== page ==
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    ABSTRACT: Aim  A poor functional outcome is often reported after total mesorectal excision (TME) for rectal cancer, especially when sphincter-saving resection with intersphincteric dissection is performed for low tumours. Anal sphincter rehabilitation is widely proposed for faecal incontinence. Very few studies have reported results to improve anal dysfunction following rectal surgery. This prospective study aimed to assess the benefits of sphincter training after TME in terms of functional outcome and quality of life. Methods  Anal sphincter training was performed in patients undergoing laparoscopic sphincter-saving TME for rectal cancer. Rehabilitation was performed after ileostomy closure. This group was compared with 24 matched patients. Assessment included one functional and two quality of life questionnaires (SF-36 Health Status and Faecal Incontinence Quality of Life score). Results  From 2007 to 2009, 22 patients underwent laparoscopic TME. The median follow-up after stoma closure was 21.2 (range 8-46) months. The mean stool frequency per day was significantly lower after sphincter training (2.6 in the training group vs 4.0 in the control group, P = 0.025). Following rehabilitation, patients complained significantly less about dyschezia (22 vs 63%, P = 0.008). Both groups had similar continence (Wexner score 8.3 after training vs 9.9 in controls, NS). Quality of life was significantly improved by sphincter training as measured by the vitality (P = 0.004) and mental functioning (P = 0.02) subscales on the SF-36 Health Status questionnaire and by the depression and self-perception (P = 0.005) categories of the Faecal Incontinence Quality of Life score. Conclusion  This study suggests that anal sphincter training following TME could decrease stool frequency and improve both general and specific quality of life.
    Colorectal Disease 01/2012; 14(10):1231-7. DOI:10.1111/j.1463-1318.2012.02956.x · 2.02 Impact Factor
  • Transplantation 01/2012; 94(10S):735. DOI:10.1097/00007890-201211271-01442 · 3.78 Impact Factor
  • J H Lefevre, A Amiot, F Joly, F Bretagnol, Y Panis
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    ABSTRACT: Approximately one-third of patients with chronic radiation enteritis (CRE) require surgery, which is associated with a high morbidity rate and a high risk of reoperation. The aim of this study was to report outcome after surgery for CRE. Patients with CRE who underwent operation with extensive small bowel resection between 1980 and 2009 were included in the study. Postoperative morbidity and mortality, reoperation for recurrent enteritis and risk factors for reoperation were analysed. Of 107 patients (94 women; 87·8 per cent) with CRE included in the study, the main indication for surgery was symptomatic stricture (82 patients; 76·6 per cent). Forty-nine ileocaecal resections (45·8 per cent) were performed. Overall and surgical morbidity rates were 74·8 per cent (80 patients) and 28·0 per cent (30) respectively. Fourteen patients (13·1 per cent) underwent reoperation for complications. Reoperation rates for CRE at 1 and 3 years of follow-up were 37 and 54 per cent respectively. Risk factors for reoperation for recurrent enteritis were: emergency surgery (odds ratio (OR) 2·72, 95 per cent confidence interval 1·57 to 4·86), anastomotic leakage (OR 2·53, 1·54 to 4·42) and male sex (OR 3·57, 1·82 to 7·29). The only protective factor for reoperation was ileocaecal resection during the first surgical procedure (OR 4·48, 2·52 to 8·31). Ileocaecal resection was the only factor that protected against reoperation for recurrent CRE, demonstrating the importance of resecting all damaged tissue in these patients. These results suggest that there is little place for intestinal bypass surgery or adhesiolysis.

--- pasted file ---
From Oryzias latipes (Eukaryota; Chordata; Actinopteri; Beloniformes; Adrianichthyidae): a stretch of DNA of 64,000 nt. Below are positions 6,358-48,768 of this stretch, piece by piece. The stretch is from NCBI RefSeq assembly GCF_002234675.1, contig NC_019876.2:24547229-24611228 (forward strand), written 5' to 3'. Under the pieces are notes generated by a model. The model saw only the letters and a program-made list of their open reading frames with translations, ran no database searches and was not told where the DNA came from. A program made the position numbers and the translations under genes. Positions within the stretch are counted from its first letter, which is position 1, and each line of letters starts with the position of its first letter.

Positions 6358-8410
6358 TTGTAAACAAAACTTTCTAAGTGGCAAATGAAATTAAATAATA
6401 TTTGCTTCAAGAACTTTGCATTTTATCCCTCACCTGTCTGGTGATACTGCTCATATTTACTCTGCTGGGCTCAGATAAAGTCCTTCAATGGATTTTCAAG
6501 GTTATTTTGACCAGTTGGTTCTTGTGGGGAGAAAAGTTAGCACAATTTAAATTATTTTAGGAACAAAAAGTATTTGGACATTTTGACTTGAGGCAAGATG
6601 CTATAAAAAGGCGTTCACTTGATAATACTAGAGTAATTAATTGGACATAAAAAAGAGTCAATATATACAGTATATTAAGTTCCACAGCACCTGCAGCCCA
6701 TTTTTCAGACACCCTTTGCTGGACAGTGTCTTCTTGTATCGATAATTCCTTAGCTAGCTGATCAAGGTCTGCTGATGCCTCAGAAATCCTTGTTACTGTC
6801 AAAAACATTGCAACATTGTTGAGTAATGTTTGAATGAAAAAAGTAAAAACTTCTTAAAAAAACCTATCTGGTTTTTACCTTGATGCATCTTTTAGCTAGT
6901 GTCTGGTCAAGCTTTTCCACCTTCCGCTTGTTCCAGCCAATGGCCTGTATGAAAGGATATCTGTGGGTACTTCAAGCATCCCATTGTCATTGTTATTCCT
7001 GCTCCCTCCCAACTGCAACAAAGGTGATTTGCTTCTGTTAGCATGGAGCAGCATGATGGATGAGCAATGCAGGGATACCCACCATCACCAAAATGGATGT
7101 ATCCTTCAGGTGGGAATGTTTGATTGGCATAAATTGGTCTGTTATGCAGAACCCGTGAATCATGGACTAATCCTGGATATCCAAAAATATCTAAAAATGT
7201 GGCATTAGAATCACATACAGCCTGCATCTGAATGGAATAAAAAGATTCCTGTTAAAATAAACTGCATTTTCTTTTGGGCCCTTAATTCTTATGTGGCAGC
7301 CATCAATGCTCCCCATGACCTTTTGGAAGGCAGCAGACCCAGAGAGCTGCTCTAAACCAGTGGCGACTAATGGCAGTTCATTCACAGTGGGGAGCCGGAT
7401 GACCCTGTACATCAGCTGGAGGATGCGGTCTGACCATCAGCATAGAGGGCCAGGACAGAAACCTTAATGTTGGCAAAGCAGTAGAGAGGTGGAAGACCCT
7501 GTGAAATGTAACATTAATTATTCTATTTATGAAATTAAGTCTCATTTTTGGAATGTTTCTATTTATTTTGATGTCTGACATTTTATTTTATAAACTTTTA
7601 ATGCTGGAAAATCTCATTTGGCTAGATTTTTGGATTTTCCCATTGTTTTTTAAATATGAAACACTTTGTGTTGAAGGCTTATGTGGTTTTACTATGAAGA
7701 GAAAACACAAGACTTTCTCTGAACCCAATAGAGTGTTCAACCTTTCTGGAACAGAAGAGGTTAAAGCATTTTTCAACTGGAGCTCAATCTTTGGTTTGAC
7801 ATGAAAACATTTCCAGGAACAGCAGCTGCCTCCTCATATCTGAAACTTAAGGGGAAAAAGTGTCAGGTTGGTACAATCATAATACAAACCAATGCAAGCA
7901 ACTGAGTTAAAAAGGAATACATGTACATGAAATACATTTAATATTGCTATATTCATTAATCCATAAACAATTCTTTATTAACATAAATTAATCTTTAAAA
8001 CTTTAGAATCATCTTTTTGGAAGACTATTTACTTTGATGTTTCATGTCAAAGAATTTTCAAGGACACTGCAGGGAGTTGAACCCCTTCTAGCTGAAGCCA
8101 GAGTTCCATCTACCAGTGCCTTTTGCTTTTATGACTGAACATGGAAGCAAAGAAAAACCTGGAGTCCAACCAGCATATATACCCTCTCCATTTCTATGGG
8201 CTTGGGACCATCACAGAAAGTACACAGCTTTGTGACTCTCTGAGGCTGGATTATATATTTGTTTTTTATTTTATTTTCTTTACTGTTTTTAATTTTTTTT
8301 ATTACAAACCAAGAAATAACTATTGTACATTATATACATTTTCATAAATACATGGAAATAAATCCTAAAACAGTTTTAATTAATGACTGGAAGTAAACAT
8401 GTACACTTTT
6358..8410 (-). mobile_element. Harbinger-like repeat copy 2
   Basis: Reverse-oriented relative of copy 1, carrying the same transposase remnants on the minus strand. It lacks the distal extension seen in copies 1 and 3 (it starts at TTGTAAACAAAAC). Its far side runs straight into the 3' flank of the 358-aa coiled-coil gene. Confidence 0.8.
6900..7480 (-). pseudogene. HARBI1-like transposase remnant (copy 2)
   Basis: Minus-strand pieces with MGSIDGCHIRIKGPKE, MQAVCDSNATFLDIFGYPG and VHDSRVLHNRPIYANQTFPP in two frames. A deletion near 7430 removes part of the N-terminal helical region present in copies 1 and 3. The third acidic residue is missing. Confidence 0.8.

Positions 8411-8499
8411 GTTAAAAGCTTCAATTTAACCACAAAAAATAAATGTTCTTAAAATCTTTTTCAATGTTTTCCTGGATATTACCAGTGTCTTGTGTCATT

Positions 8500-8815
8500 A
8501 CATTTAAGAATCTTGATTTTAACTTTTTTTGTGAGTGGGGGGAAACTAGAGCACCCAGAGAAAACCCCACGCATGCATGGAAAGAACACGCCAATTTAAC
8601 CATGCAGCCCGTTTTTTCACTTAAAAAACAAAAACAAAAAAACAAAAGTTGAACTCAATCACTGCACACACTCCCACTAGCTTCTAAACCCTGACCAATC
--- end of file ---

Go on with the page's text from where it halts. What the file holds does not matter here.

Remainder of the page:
British Journal of Surgery 12/2011; 98(12):1792-7. DOI:10.1002/bjs.7655 · 5.21 Impact Factor

Publication Stats

1k Citations
298.55 Total Impact Points

Institutions

  • 2014
    • Hôpital Foch
      Lutetia Parisorum, Île-de-France, France
  • 2011–2013
    • Paris Diderot University
      Lutetia Parisorum, Île-de-France, France
  • 2006–2013
    • Assistance Publique – Hôpitaux de Paris
      • Department of Radiology
      Lutetia Parisorum, Île-de-France, France
  • 2009–2011
    • Hôpital Beaujon – Hôpitaux Universitaires Paris Nord Val de Seine
      Clicy, Île-de-France, France
  • 2010
    • University of Paris-Est
      La Haye-Descartes, Centre, France
  • 2008
    • Université Victor Segalen Bordeaux 2
      Burdeos, Aquitaine, France
  • 2007
    • Oxford University Hospitals NHS Trust
      • Department of Colorectal Surgery
      Oxford, England, United Kingdom
  • 2005
    • Centre Hospitalier Régional Universitaire de Lille
      • General and Digestive Surgery Service
      Lille, Nord-Pas-de-Calais, France
    • CHRU de Strasbourg
      Strasburg, Alsace, France